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which boasts an eccentric subject who allows filmmakers Sam Cullman, Jennifer Grausman, and Mark Becker full access yet remains entirely inscrutable. He is art forger Mark Landis, diagnosed as schizophrenic after a teenage nervous breakdown, now in his 50s, in fragile health, and living in his late mother’s Mississippi apartment. For 30-plus years, his illness has manifested in an obsession with recreating artworks with remarkable accuracy (Dr. Seuss, Picasso, you name it) — and then arranging elaborate scenarios (an inheritance, the passing of a nonexistent sister, situations that require him to dress as a priest) that involve donating the fakes (to 46 museums in 20 states, most delighted to benefit from his philanthropy). He’s not in it for the money, so the FBI merely observes his exploits, leaving the legwork to former Cleveland Art Museum employee Matt Leininger, who after realizing the deception at his own institution becomes consumed with uncovering Landis’ trail of phony brush strokes. This cat-and-mouse tale (in which the mouse is completely on his own astral plane of reality) leads up to one of the most awkward gallery openings ever captured on film — with artwork as beautifully created as it is plagiarized and deliberately misrepresented. (1:29) Opera Plaza. (Eddy) Gone Girl Gillian Flynn’s twisted 2012 tome — about a marriage about to implode at its five-year mark; the American media’s obsession with missing white women; and the wide-ranging effects of our shitty economy; not to mention a killer reminder of why the unreliable narrator is such a tasty literary device — gets the best possible big-screen scenario, with David Fincher directing (along with his usual A+ crew, including cinematographer Jeff Cronenweth and composers Trent Reznor and Atticus Ross), Flynn herself penning the screenplay, and an A-list cast. If Gone Girl the film comes up short in translating the book’s deliberately mind-fucking story structure, which explores the action from two distinct points of view, it succeeds in other ways, visually capturing the beige, airless, McMansions-with-overgrown-yards life of Nick (Ben Affleck) and Amy (Rosamund Pike) Dunne, forced to move to his Missouri hometown after losing their NYC writing jobs. There, they proceed to wallow in separate but mutual misery until Amy goes missing, and we get a front-row seat as the shit hits the fan in many different ways. Affleck (Flynn’s top choice) and Pike are well-cast, with Kim Dickens (as the no-nonsense detective investigating Amy’s disappearance) making the biggest impression among a large supporting cast. (2:25) 1000 Van Ness, Presidio, SF Centre, Vogue. (Eddy) Last Days in Vietnam Recent news coverage of Yadizi people — ethnic-minority Iraqis targeted by ISIS for their spiritual beliefs — desperately fleeing their country brought to mind another frantic evacuation, investigated in detail by Rory Kennedy’s tense new doc Last Days in CONTINUES ON PAGE 38 >>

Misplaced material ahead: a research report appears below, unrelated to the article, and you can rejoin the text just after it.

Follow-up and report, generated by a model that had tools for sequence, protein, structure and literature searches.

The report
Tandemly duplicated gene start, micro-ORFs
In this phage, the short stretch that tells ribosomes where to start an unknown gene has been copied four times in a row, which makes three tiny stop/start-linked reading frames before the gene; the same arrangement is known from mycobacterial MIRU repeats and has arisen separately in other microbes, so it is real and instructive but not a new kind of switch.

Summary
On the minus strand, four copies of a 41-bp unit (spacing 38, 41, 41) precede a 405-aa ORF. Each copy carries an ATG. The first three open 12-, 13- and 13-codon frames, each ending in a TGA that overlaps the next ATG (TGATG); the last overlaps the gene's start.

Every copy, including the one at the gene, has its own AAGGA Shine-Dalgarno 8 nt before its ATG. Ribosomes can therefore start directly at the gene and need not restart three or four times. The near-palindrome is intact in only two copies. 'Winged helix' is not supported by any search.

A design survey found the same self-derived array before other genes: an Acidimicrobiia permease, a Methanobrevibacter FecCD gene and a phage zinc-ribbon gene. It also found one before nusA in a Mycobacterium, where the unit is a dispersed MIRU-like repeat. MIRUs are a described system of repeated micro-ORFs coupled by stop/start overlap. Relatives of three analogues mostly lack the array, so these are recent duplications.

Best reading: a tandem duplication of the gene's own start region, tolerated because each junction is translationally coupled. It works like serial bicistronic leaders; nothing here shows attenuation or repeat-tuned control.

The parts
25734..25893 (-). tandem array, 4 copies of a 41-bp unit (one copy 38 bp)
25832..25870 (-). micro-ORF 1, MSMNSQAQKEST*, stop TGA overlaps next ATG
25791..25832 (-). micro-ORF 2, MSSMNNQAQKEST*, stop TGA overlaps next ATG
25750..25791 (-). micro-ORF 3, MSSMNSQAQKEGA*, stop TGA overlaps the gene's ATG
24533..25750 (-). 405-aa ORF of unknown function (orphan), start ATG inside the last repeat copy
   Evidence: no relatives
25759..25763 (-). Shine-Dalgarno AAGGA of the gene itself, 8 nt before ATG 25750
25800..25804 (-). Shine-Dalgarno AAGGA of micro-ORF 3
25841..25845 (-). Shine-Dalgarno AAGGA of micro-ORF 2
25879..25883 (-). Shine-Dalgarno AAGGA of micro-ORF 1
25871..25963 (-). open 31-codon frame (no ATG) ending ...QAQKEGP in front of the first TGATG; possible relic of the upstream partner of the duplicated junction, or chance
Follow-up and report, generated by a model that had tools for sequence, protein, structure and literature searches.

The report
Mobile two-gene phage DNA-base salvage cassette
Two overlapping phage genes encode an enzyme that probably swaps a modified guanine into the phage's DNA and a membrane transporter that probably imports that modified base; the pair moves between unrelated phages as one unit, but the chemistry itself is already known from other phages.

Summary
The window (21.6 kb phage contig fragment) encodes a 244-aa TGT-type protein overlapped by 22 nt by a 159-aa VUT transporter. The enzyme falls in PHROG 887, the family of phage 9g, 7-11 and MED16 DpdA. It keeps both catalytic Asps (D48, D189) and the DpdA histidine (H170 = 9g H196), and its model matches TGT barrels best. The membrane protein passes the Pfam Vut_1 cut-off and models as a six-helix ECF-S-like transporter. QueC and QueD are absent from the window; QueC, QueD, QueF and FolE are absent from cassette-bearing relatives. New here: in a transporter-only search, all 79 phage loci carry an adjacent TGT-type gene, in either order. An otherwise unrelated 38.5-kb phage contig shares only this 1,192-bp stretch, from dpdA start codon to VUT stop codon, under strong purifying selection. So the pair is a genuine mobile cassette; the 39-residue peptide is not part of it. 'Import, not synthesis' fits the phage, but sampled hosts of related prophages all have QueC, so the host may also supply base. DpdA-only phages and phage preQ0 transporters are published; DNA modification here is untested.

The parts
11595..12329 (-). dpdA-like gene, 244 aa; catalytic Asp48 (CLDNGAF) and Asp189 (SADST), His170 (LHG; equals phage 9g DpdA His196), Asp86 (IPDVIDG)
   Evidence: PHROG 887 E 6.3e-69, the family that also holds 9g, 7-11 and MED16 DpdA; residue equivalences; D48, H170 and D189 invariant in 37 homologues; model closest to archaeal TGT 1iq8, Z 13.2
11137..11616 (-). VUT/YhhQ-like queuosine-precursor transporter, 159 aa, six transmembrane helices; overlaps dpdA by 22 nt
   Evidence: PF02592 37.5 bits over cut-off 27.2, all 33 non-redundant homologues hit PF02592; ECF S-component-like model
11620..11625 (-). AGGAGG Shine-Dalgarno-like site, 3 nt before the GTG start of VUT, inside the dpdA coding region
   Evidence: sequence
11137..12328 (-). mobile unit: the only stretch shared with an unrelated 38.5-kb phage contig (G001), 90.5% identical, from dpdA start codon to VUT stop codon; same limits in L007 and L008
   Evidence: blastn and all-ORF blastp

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stylish senior Joyce carpati appears in documentary AdvAnced Style, out fri/10. PhOTO By Ari SETh COhEN
first run venues The following is contact information for Bay Area first-run theaters. Balboa 3630 Balboa. www.cinemasf.com/ balboa Century SF Centre 845 Market. www.cinemark.com CinéArts at the Empire 85 West Portal. www.cinemark.com Clay 2261 Fillmore. www.landmarktheatres.com Embarcadero 1 Embarcadero Center. www.landmarktheatres.com Four Star 2200 Clement. www.lntsf.com Marina 2149 Chestnut. www.lntsf.com Metreon 135 Fourth St. www.amctheatres.com New People Cinema 1746 Post. www.newpeopleworld.com 1000 Van Ness 1000 Van Ness. www.amctheatres.com Opera Plaza 601 Van Ness. www.landmarktheatres.com Presidio 2340 Chestnut. www.lntsf.com UA Stonestown Twin 501 Buckingham. www.regmovies.com Sundance Kabuki Cinema 1881 Post. www.sundancecinemas.com CONT>>